verb (used with object), in·fused, in·fus·ing.
verb (used without object), in·fused, in·fus·ing.
Origin of infuse
Synonyms for infuse
Related Words for infusespermeate, impregnate, inspire, suffuse, invest, saturate, impart, inculcate, pervade, intersperse, leaven, animate, steep, instill, imbue, plant, inoculate, indoctrinate, ingrain, implant
Examples from the Web for infuses
Contemporary Examples of infuses
He has been obsessed with music since his childhood in Paris, and it infuses his work in fashion.The Dark Rock Star Fantasy of Saint Laurent’s Hedi Slimane
September 24, 2014
Indeed, there is a certain patriotism that infuses his speech these days.The Repentant Radical
September 17, 2013
And the thought-through style (their name was the result of 2,000 attempts) infuses everything the company does.Warby Parker Thrives by Giving Away Glasses Whenever It Sells a Pair
May 7, 2013
He infuses multiple shades of meaning into singular scenes, even sentences.Jeffrey Eugenides Hails Donald Antrim’s 'Elect Mr. Robinson for a Better World'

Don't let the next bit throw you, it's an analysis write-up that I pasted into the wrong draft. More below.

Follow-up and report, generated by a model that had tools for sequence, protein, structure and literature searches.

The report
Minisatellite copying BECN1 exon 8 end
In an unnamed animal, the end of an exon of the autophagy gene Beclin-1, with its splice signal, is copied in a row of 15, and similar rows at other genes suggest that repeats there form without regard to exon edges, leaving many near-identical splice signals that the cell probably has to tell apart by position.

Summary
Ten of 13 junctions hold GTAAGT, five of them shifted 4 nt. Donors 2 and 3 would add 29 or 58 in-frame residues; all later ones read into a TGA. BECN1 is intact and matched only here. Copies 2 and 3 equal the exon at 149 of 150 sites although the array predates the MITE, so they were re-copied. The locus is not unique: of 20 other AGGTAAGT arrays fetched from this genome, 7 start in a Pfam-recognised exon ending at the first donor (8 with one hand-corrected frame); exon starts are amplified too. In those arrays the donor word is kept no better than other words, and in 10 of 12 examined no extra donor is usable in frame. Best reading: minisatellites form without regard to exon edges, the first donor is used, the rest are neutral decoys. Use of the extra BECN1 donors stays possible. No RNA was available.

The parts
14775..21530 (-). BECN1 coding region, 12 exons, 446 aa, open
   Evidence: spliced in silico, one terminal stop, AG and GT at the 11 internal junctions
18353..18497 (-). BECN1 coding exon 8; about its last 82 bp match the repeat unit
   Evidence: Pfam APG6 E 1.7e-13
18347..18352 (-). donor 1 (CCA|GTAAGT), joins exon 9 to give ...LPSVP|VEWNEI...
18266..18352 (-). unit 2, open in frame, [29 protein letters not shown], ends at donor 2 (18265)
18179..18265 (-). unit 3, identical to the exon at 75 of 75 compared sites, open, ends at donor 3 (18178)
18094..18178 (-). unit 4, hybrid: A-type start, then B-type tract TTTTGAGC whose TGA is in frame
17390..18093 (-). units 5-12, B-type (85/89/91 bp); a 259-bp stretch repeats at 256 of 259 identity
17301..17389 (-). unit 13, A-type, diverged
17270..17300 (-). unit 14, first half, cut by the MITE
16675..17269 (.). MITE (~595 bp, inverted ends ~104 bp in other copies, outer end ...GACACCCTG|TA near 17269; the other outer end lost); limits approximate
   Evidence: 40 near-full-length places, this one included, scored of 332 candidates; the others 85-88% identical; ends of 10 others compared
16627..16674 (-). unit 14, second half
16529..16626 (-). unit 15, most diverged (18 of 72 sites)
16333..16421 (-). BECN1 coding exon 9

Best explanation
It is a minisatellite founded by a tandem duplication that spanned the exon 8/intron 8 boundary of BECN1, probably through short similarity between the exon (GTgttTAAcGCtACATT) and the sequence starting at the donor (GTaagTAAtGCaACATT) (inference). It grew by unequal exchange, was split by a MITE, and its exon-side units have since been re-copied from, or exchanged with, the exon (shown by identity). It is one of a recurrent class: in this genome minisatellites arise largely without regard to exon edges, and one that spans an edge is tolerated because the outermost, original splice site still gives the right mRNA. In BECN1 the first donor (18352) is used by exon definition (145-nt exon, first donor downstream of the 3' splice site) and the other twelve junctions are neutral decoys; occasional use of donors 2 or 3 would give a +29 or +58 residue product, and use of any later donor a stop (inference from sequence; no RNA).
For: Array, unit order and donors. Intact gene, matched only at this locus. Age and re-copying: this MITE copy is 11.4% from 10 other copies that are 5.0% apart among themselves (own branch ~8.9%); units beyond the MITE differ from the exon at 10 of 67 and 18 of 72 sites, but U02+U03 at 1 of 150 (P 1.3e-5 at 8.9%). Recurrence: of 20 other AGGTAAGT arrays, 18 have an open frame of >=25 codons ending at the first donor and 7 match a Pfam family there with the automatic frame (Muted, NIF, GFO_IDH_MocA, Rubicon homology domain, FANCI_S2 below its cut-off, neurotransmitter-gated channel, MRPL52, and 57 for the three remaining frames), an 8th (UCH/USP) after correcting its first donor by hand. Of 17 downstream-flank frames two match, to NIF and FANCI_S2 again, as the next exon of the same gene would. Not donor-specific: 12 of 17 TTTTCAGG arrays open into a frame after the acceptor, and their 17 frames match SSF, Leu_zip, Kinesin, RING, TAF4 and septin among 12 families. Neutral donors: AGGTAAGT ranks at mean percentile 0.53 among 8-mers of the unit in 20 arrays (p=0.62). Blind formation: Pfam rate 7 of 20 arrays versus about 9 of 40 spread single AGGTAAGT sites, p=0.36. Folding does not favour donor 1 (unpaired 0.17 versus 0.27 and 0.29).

June 2, 2012
Historical Examples of infuses
She rises with the lark, and infuses an early vigor into the whole household.Southern Literature From 1579-1895
By degrees he infuses into it the poison of his own ambition.The Life of John Marshall Volume 3 of 4
Albert J. Beveridge
We like this artist for the character and energy he infuses into his productions.
Who can doubt that Religion infuses power and exaltation into the Arts?
Thus it infuses an emotional element into the statements which follow it.Expositor's Bible: The Song of Solomon
Word Origin for infuse
early 15c., "to pour in, introduce, soak," from Latin infusus, past participle of infundere "to pour into," from in- "in" (see in- (2)) + fundere "pour, spread" (see found (v.2)). Figurative sense of "instill, inspire" first recorded 1520s (infusion in this sense dates from mid-15c.). Related: Infused; infusing.